A monthly glimpse into Kirt Jacobs’ stories of inspiring individuals
Though “MoxieTalk” is a modern talk show available across a wide array of media platforms, host Kirt Jacobs has adopted a pretty “old-school” approach to interviewing his guests. Talk show veterans like Dick Cavett, Bob Costas, Merv Griffin and Tavis Smiley have inspired Jacobs to create an intimate environment for his guests to share their life stories on MoxieTalk, a half-hour interview program available online and through podcast as well as broadcast outlets of: MetroTV, WBNA21 and KET.
Lessons from talk show greats
From Cavett’s congeniality to Griffin’s affability, the qualities that made those hosts and their shows legendary “have been the ethos of my development” at the helm of MoxieTalk, Jacobs says. He also found inspiration in the intimacy and thought-provoking questions of shows like “Inside the Actors Studio” and “Charlie Rose.”
Famed sports broadcaster Bob Costas once made this statement which has guided Jacobs in structuring the format of his show: “Any good broadcast, not just an Olympic broadcast, should have texture to it. It should have information, should have some history, should have something that’s offbeat, quirky, humorous, and where called for it, should have journalism, and judiciously it should also have commentary. That’s my ideal.” For Jacobs, this is the essence of what he tries to accomplish with his guest interviews and show.
There’s no “gotcha” journalism or quick-fire questions on MoxieTalk. There’s no studio audience or flashy graphics. Instead, Jacobs takes his cues from the talk show legends to craft questions that take deep dives into the lives, thought processes and inspirations of his guests.
“To learn the essence of why people tick simply fascinates me,” Jacobs says.
Lessons from the greats have helped Jacobs develop a style and format that makes for fruitful interviews with guests that builds on MoxieTalk’s mission: to inspire, educate and engage the human spirit one guest at a time.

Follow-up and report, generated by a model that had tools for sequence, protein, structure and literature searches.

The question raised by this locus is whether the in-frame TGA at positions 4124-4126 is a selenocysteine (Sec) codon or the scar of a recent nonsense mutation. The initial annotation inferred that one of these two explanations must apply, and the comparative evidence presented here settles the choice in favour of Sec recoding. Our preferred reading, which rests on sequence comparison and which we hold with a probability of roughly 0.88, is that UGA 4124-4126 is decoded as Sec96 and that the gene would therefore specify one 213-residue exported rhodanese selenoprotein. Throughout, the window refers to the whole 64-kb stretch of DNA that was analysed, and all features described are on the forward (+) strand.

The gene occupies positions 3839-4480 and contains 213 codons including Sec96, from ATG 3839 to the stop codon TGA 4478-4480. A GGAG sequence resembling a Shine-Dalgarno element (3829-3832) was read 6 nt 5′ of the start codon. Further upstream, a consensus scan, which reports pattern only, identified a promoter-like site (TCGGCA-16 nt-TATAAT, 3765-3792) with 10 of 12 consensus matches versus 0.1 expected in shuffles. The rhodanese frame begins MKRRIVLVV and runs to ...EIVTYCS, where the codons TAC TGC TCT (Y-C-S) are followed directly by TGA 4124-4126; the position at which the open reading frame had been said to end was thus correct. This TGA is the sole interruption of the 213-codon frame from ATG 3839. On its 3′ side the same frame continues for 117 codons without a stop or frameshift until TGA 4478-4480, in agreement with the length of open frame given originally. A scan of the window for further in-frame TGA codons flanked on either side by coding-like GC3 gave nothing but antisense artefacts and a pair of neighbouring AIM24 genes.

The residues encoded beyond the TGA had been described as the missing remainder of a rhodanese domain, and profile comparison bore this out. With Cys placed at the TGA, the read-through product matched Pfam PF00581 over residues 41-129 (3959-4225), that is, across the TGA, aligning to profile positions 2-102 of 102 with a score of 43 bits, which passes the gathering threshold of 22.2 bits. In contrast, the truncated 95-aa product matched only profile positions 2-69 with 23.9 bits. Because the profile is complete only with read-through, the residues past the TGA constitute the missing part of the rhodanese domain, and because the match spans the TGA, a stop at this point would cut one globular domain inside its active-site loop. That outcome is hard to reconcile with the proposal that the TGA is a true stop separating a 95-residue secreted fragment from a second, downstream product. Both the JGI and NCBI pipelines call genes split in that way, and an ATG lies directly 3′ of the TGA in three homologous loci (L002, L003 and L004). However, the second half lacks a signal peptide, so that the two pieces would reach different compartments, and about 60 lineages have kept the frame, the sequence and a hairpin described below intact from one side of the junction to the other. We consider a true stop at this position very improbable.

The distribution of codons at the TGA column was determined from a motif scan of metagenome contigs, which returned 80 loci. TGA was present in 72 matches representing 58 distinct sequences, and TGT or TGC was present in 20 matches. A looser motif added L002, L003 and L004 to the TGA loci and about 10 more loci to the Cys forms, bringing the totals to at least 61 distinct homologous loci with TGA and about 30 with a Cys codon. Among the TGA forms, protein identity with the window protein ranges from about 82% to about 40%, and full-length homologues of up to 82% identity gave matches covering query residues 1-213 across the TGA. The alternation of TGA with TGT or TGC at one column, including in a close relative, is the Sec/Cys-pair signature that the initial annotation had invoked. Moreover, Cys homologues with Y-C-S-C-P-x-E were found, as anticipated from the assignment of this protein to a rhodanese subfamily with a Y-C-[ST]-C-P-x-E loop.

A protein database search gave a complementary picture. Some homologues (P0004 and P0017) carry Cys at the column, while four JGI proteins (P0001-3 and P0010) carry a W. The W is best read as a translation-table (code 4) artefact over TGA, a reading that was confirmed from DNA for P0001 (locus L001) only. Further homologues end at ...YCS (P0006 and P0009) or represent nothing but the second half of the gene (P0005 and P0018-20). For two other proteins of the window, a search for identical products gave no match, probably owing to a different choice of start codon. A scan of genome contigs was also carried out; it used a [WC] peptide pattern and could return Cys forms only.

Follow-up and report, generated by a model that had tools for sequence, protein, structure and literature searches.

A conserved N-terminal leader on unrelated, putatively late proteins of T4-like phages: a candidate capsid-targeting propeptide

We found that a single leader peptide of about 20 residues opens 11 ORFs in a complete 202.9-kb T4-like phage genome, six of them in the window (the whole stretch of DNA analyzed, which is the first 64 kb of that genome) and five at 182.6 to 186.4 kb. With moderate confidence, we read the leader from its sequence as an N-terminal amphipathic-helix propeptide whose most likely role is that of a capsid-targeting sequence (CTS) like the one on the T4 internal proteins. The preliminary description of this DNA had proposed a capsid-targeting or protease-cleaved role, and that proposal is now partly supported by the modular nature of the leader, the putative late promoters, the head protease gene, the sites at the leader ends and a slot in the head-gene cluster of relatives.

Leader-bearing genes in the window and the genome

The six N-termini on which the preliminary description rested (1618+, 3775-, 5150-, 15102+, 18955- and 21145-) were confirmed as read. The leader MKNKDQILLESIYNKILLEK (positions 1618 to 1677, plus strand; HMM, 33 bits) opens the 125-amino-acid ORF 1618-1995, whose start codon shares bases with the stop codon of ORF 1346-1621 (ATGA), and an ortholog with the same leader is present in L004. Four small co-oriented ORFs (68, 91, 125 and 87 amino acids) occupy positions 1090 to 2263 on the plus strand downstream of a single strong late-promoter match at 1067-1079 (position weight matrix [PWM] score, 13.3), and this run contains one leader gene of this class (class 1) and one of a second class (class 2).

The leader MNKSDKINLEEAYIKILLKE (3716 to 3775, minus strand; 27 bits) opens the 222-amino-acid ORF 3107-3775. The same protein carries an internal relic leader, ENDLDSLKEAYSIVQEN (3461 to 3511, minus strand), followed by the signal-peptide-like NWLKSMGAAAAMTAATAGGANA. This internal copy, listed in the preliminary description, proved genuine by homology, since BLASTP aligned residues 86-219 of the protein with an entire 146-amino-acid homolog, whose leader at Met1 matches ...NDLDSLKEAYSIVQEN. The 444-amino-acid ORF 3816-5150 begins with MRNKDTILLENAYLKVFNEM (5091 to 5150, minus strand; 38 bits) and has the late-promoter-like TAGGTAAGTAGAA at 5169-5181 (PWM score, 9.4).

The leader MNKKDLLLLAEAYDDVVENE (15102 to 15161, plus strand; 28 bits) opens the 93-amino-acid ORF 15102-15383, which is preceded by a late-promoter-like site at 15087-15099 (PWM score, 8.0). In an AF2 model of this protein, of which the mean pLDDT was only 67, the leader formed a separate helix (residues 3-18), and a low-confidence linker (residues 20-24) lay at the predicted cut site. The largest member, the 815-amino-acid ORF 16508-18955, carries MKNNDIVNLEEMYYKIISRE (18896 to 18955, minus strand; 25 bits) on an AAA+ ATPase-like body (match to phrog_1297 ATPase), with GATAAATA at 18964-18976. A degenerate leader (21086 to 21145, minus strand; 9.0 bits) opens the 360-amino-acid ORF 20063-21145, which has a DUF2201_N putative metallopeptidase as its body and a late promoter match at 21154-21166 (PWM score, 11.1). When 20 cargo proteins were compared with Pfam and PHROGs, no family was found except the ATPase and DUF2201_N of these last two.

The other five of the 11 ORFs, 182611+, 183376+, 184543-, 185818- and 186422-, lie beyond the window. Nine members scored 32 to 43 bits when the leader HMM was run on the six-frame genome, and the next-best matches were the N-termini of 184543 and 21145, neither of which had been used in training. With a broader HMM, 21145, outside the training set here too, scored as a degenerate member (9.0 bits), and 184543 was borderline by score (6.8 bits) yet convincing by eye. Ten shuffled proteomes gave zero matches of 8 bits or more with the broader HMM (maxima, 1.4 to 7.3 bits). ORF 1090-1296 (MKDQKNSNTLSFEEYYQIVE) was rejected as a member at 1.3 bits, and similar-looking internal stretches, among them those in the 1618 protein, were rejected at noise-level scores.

Intimate conversations that create great moments
Jacobs forgoes a studio audience in favor of a small set and one-on-one interviews with his guests to create an environment that’s as cozy as a quiet conversation with a family member or friend at the dinner table.
Instead of setting out to capture a guest’s career highlights, Jacobs sits down with guests and gets to know them as real human beings. Jacobs isn’t looking to put guests on the spot in any way — he wants to be respectful to all who accept his invitation to be on his show — but he does encourage guests to speak to challenges they may have faced in their lives, whether it’s a career setback or personal loss. For the most part, however, Jacobs focuses on the “moxie” quality that drives people to do what they do and do it well. This intimate interview style is what helps set Jacobs’ show apart, and he points out that even his more reserved guests embrace the format.
“No matter how introverted an individual may be, everybody wants to tell their story,” Jacobs says. “They may not even know it until they sit in the guest chair.”
The best practices Jacobs has picked up from other talk-show veterans have helped him draw out stories from his guests. He finds that once they realize that MoxieTalk will be different from other interviews, “all that guard and facade often melts away in the first two or three minutes.”
“They engage and sometimes even get emotional,” Jacobs says. “They give you these great moments — and that is when you realize the work (the intimate interview format) is important and has real purpose in today’s sound bite media culture.”
The end result is a slice of history that reveals the human side of notable individuals, whether it’s a Ugandan immigrant who started a cookie business in Louisville or a U.S. senator from Kentucky.
“Once these shows are done, they are done forever,” Jacobs says. “There’s a certain beauty and arc to that. I wish more people would document their lives for future generations, because that’s basically what I’m doing in 30 minutes.”
Discover MoxieTalk today
While the show nods to early television days with its conversational interview format, its reach with audiences is firmly anchored in current times.
“MoxieTalk” is now on Facebook, Twitter and Instagram, and you can search for previous episodes by category and watch them on the show’s website: moxietalk.com. Some of the episodes are available as podcasts that are accessible through the MoxieTalk website. Jacobs is excited about the podcast format because it “offers a rich experience that allows you to lock into the guest’s words.” He’s always looking at new methods to connect with audiences, so stay tuned for more ways to get your MoxieTalk.
Know of a suitable guest that you feel has Moxie and a story worth sharing? Please e-mail your guest suggestions to: [email protected]